#LetsReadIndie 2017

I posted this on my Goodreads blog a few days ago, but then I decided to repost it here as I love the idea so much and want to spread the word 🙂

Earlier this year I came across something I’d like to share with you. Two wonderful bloggers, RaeAnne and Tina, are hosting the #LetsReadIndie 2017 challenge, and you should check it out!

Why is it a great idea to participate in #LetsReadIndie?

1) You can discover great books you might miss otherwise. We often pick up the books we keep hearing about from multiple people. With indie books, chances are you won’t hear about them unless you are actively looking. But if you do look, you might end up discovering your next favorite book!

2) RaeAnne and Tina are offering badges, bingos, giveaways, and other goodies.

3) Indies need your support and will appreciate it! Your love matters.

Why and how can you help? Here are some of the challenges that indie authors face:

– Indie authors need to take care of every step of the publishing process. These include multiple stages of editing, cover, formatting for print and various electronic formats, blurb writing, publishing, marketing, negotiating translation and other rights, finding reviewers. Authors can do any of these steps by themselves or hire help. In any case, indie publishing costs a tremendous amount of effort, time, and/or money. On the other hand, authors with traditional deals can expect their publisher to take care of all of these (although, depending on the publisher’s commitment, some authors might still end of doing a part of the work themselves.)

Time. The percentage of indie authors who can make a living off writing is very low, and the big success almost never happens after the first book. The majority of indie authors need to have a full-time day job and sacrifice sleep and spare time activities to write a produce a book.

– Getting placement in physical bookstores and libraries is next to impossible.

Finding reviews is by far the hardest thing for an indie author. Big publishers submit their books to all kinds of channels that indies can’t access – major newspapers, prolific authors, bloggers. If you are an indie, your options are limited to sending review copies to book bloggers. Which is great, book bloggers are amazing! However, most bloggers with a large following never accept indie books. This limits the authors’ chances to get reviews that will reach a large number of people. Still, many awesome bloggers do accept indie books, and they are already making a huge difference! And this is something you can help with! You don’t need to be a blogger. All you need to do is whenever you read an indie book, write a review on Goodreads and elsewhere.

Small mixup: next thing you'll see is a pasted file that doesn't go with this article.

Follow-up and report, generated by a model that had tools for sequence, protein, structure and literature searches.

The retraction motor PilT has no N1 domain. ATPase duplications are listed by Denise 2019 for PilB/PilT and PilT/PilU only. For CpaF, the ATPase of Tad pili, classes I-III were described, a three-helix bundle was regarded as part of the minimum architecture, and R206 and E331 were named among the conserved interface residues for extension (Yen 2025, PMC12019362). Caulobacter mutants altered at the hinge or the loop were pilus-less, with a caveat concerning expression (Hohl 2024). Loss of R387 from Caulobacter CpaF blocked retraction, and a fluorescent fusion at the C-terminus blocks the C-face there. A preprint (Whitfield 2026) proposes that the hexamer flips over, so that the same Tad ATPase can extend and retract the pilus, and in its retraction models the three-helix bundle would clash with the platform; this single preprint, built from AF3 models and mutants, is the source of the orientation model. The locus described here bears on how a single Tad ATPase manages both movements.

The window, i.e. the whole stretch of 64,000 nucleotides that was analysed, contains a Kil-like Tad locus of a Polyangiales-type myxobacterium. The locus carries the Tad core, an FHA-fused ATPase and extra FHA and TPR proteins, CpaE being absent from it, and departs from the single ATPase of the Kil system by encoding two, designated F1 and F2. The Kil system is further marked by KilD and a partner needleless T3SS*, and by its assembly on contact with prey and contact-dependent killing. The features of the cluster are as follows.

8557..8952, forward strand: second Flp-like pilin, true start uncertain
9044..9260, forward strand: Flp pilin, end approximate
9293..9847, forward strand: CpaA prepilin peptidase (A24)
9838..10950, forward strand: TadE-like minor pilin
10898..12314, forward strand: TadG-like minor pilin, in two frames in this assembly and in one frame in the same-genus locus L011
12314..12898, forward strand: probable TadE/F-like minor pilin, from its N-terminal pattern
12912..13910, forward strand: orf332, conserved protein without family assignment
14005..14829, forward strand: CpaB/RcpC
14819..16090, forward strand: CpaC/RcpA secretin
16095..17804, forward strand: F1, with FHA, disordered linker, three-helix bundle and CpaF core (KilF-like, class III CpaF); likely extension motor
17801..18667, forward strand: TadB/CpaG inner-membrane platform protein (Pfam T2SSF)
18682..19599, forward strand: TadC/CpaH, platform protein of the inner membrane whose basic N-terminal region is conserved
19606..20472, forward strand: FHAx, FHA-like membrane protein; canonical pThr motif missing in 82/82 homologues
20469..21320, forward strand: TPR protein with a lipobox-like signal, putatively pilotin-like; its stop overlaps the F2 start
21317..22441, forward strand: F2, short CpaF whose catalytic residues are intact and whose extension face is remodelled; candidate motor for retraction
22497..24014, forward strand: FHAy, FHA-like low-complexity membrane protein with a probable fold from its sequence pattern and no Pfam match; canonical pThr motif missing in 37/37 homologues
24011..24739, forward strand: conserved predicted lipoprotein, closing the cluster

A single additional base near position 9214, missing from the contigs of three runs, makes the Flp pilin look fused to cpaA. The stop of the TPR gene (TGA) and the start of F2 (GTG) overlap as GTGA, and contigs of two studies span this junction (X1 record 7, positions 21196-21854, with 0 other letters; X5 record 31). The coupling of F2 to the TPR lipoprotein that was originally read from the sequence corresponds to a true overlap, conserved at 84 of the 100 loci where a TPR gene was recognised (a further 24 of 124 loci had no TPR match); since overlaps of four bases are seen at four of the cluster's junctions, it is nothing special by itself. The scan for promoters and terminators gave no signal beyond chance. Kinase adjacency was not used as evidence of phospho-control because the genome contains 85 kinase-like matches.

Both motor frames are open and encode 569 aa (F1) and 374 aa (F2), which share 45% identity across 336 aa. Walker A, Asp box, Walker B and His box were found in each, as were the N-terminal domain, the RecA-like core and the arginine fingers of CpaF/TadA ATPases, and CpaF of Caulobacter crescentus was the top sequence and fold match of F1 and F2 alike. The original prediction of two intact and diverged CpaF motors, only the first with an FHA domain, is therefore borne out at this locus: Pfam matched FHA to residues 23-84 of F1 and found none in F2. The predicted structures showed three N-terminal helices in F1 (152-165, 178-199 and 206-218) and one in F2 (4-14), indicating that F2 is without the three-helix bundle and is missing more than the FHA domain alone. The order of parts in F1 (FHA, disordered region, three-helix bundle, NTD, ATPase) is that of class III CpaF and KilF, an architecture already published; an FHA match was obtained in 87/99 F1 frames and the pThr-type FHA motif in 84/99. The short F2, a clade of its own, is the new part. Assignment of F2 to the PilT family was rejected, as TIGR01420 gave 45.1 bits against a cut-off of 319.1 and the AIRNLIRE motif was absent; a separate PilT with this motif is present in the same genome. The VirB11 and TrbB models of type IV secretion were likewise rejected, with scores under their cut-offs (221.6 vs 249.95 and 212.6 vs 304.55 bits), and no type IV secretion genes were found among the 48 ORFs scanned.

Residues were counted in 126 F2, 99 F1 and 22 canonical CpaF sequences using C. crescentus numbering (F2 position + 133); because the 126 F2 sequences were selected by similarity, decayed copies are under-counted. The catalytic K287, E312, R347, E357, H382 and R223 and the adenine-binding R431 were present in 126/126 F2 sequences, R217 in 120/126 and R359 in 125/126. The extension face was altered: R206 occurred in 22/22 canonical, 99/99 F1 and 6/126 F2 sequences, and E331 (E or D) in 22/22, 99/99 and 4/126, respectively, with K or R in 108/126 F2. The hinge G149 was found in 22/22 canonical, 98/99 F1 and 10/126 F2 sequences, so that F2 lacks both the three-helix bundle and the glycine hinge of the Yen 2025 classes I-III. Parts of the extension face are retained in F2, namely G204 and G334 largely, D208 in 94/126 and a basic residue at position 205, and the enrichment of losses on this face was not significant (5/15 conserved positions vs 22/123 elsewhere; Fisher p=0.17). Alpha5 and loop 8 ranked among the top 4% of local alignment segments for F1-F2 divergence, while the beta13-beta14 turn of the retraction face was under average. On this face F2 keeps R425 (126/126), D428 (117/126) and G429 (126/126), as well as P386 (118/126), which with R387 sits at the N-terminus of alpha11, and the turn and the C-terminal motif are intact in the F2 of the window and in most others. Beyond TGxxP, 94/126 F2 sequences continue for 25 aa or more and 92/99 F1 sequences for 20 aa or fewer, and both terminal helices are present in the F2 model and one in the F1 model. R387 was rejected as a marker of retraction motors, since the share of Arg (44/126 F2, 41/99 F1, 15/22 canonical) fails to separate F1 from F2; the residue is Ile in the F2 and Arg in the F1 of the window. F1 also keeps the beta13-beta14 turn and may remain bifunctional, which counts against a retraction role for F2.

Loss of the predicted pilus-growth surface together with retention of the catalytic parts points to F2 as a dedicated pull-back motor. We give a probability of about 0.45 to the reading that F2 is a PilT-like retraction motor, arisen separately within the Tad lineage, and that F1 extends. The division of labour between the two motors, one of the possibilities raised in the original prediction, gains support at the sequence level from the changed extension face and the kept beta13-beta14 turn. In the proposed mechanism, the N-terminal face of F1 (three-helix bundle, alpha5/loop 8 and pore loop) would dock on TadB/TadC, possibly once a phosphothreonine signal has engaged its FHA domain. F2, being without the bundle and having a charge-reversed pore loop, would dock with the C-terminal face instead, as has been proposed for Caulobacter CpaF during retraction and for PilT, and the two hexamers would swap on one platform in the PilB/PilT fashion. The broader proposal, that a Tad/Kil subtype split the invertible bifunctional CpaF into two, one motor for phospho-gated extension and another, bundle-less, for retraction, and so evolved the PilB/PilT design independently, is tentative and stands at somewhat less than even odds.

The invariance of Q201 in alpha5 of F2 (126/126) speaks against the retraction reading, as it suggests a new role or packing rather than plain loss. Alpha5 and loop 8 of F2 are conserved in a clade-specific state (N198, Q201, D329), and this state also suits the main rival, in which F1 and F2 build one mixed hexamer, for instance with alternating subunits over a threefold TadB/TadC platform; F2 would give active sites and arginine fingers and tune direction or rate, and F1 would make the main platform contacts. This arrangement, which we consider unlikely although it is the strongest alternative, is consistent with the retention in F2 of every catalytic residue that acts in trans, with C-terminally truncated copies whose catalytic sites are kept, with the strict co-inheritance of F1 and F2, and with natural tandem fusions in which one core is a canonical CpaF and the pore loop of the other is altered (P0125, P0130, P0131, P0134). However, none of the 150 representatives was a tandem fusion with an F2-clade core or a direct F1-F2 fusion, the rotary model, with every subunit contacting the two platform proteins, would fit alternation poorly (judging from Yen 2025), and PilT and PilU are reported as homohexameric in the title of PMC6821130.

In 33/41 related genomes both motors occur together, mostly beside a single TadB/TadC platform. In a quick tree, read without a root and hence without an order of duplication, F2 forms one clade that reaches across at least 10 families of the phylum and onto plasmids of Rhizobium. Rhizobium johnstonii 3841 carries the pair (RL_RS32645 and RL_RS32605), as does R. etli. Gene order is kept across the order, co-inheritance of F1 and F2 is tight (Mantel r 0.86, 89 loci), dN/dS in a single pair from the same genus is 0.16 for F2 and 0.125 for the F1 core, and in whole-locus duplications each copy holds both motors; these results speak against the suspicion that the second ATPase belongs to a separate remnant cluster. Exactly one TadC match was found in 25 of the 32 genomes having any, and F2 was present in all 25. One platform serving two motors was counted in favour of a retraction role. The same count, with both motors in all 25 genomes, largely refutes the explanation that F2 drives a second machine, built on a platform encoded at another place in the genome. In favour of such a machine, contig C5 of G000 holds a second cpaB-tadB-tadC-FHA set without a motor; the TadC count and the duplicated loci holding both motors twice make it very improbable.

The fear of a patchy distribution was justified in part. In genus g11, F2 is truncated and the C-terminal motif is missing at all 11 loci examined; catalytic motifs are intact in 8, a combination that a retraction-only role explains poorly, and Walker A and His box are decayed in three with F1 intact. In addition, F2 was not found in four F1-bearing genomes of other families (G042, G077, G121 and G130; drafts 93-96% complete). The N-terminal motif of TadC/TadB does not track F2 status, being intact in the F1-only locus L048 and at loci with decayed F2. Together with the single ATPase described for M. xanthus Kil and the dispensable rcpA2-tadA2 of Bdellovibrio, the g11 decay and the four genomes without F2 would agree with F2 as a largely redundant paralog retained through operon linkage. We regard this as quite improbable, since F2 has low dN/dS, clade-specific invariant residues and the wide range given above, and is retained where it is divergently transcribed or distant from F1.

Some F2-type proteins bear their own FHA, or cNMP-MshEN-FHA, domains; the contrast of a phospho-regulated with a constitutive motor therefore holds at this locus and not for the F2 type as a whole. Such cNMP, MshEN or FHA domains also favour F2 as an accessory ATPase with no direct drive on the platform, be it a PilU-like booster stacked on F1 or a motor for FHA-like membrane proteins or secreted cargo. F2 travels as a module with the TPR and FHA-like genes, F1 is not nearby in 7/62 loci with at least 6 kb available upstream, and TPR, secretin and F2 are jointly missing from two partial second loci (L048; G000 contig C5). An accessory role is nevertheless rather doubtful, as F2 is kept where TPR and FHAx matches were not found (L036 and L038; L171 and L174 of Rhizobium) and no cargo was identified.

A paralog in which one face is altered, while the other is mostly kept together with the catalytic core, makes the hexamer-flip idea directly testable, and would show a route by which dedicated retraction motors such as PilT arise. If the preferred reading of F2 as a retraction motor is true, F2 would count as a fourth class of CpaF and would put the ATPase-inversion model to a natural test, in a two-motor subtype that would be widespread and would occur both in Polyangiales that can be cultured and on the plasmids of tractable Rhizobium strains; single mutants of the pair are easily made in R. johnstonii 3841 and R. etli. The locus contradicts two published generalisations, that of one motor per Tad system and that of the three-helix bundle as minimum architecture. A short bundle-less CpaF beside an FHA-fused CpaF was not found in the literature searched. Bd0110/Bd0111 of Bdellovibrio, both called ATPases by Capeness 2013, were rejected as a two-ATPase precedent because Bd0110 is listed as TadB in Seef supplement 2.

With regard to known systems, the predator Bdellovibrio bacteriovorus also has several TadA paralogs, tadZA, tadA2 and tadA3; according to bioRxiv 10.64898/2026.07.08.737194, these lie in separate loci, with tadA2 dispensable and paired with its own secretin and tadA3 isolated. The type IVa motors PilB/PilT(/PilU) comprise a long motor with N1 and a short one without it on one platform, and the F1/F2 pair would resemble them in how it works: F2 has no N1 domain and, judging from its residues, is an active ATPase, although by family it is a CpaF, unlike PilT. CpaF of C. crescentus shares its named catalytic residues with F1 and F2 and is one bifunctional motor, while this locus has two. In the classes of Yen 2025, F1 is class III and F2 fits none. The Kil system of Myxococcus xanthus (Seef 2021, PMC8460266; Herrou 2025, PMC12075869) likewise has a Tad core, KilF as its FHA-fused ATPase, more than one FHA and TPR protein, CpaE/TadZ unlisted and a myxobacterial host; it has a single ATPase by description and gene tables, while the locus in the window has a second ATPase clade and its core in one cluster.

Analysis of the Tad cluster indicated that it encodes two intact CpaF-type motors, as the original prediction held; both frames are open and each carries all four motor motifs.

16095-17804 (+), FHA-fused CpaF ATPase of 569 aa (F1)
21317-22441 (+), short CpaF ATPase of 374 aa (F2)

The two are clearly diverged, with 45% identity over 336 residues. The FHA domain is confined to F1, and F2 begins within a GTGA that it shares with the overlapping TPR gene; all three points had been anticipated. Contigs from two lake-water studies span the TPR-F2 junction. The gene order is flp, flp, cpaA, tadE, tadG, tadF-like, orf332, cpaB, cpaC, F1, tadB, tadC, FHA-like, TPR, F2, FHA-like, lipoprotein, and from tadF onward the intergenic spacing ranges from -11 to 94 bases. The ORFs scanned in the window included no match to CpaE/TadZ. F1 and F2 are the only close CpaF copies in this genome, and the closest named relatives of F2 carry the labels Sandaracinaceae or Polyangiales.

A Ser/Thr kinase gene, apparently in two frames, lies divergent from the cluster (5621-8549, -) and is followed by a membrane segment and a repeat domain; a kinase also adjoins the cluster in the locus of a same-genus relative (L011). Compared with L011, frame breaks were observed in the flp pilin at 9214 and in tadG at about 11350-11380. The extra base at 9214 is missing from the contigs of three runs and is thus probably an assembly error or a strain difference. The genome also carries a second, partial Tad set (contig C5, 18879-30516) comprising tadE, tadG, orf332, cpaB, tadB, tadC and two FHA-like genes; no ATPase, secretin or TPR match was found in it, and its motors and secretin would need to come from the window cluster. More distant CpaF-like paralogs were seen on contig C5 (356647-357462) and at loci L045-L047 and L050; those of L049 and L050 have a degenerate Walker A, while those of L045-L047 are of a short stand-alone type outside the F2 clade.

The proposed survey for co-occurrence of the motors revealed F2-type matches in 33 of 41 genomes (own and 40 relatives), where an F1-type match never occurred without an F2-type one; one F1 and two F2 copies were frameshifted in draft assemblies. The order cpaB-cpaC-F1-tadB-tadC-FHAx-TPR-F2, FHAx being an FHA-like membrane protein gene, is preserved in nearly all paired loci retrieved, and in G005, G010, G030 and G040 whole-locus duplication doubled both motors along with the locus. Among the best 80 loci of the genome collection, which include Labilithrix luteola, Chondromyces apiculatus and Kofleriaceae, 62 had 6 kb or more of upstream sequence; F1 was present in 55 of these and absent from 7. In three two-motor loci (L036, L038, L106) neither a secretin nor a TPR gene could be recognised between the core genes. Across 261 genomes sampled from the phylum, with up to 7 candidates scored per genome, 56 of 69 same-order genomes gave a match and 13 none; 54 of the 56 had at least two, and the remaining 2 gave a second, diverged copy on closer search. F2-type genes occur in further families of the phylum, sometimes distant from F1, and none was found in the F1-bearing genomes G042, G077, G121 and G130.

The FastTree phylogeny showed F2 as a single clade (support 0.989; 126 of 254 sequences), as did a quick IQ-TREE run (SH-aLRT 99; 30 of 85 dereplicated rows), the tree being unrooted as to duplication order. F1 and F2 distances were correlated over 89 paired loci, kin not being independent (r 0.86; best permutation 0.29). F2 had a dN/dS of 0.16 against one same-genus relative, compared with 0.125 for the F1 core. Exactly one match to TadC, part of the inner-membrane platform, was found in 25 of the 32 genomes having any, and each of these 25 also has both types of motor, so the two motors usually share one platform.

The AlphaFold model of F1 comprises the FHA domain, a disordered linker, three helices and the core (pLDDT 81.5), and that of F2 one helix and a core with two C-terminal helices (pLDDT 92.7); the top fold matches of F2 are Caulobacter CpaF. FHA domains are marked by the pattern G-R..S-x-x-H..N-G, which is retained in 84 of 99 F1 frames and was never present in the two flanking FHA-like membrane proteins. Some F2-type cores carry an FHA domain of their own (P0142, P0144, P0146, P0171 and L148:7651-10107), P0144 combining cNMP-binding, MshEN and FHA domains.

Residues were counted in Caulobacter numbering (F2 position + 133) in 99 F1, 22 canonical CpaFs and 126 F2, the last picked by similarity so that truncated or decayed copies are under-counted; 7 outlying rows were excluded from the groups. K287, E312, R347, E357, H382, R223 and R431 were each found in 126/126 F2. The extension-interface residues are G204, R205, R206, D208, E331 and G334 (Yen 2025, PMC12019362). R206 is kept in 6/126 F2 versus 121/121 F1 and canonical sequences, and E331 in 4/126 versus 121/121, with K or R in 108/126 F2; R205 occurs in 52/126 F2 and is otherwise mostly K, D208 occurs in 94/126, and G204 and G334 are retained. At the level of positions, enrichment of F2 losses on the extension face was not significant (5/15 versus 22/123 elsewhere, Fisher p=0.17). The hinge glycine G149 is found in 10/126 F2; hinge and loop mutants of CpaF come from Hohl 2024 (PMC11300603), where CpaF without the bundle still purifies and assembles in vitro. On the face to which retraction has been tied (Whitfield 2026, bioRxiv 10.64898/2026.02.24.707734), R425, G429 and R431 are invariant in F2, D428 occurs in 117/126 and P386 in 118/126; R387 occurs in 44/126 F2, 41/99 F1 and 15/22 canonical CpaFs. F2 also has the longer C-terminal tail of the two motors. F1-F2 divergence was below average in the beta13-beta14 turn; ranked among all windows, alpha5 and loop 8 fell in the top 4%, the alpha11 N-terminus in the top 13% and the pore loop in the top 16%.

So why would anyone in their right mind become an indie author?

Sadly, the idea that authors self-publish because they are not good enough for a traditional deal is still common. While this may be true for some authors (and, let’s face it, it’s not like traditional publishing always guarantees quality), there are many other reasons why authors choose the indie route. Such as:

Full creative control. No one can force you to change your content just to make your book more marketable. You choose your own cover, blurb, formatting design, genre and keywords when selling on Amazon and elsewhere, etc. While you end up doing a bit more work, at the end everything is exactly as you want it to be.

Writing in a niche genre. Most big publishers will try to nicely fit your book into a given subgenre, such that it follows the same structure as books they’ve published before. Then readers picking up the book will already know exactly what they can expect. It’s a proven formula that works. But what if you are writing, for example, a robot-zombie romance? And what if it has no happy ending? Perhaps you have a story you really want to tell. And, very likely, there will be a few readers who need this story and who will love it, but they won’t be enough to make a big publisher consider your book. Most publishers have a few established genres and will only look into your book if it fits into one. Similarly, if your first book is longer than 90k words (or even less for YA), most publishers would be unwilling to take the risk.

– Unwillingness to deal with gatekeepers and to depend on others.

Writing in a language different from the official language of the place where you live. English is an official (though not always primary) language in 66 sovereign countries and many more non-sovereign entities. In addition, an estimated 600-700 million people have learned it as a foreign language. Obviously, many authors from all kinds of locations and backgrounds choose to write in English. However, the biggest English-language publishers are located in the US and the UK, and, to a much smaller extend, in Canada, India, Australia, South Africa, Pakistan, and New Zealand. If you live anywhere else, chances of getting a deal for a book in English are very slim. Note that it’s not impossible to get an agent and a publisher in a different country – it has happened before. Still, your book will need to make a much stronger impression than the books of local authors to be considered.

– IT’S REALLY FUN! It’s hard work, but it’s satisfying work!

I examine some more pros and cons of Traditional vs. Self-Publishing in this post.

To recap: any help you can give indies will make a huge difference and will be greatly appreciated. So, #LetsReadIndie!

Image sources: iStock, StockSnap

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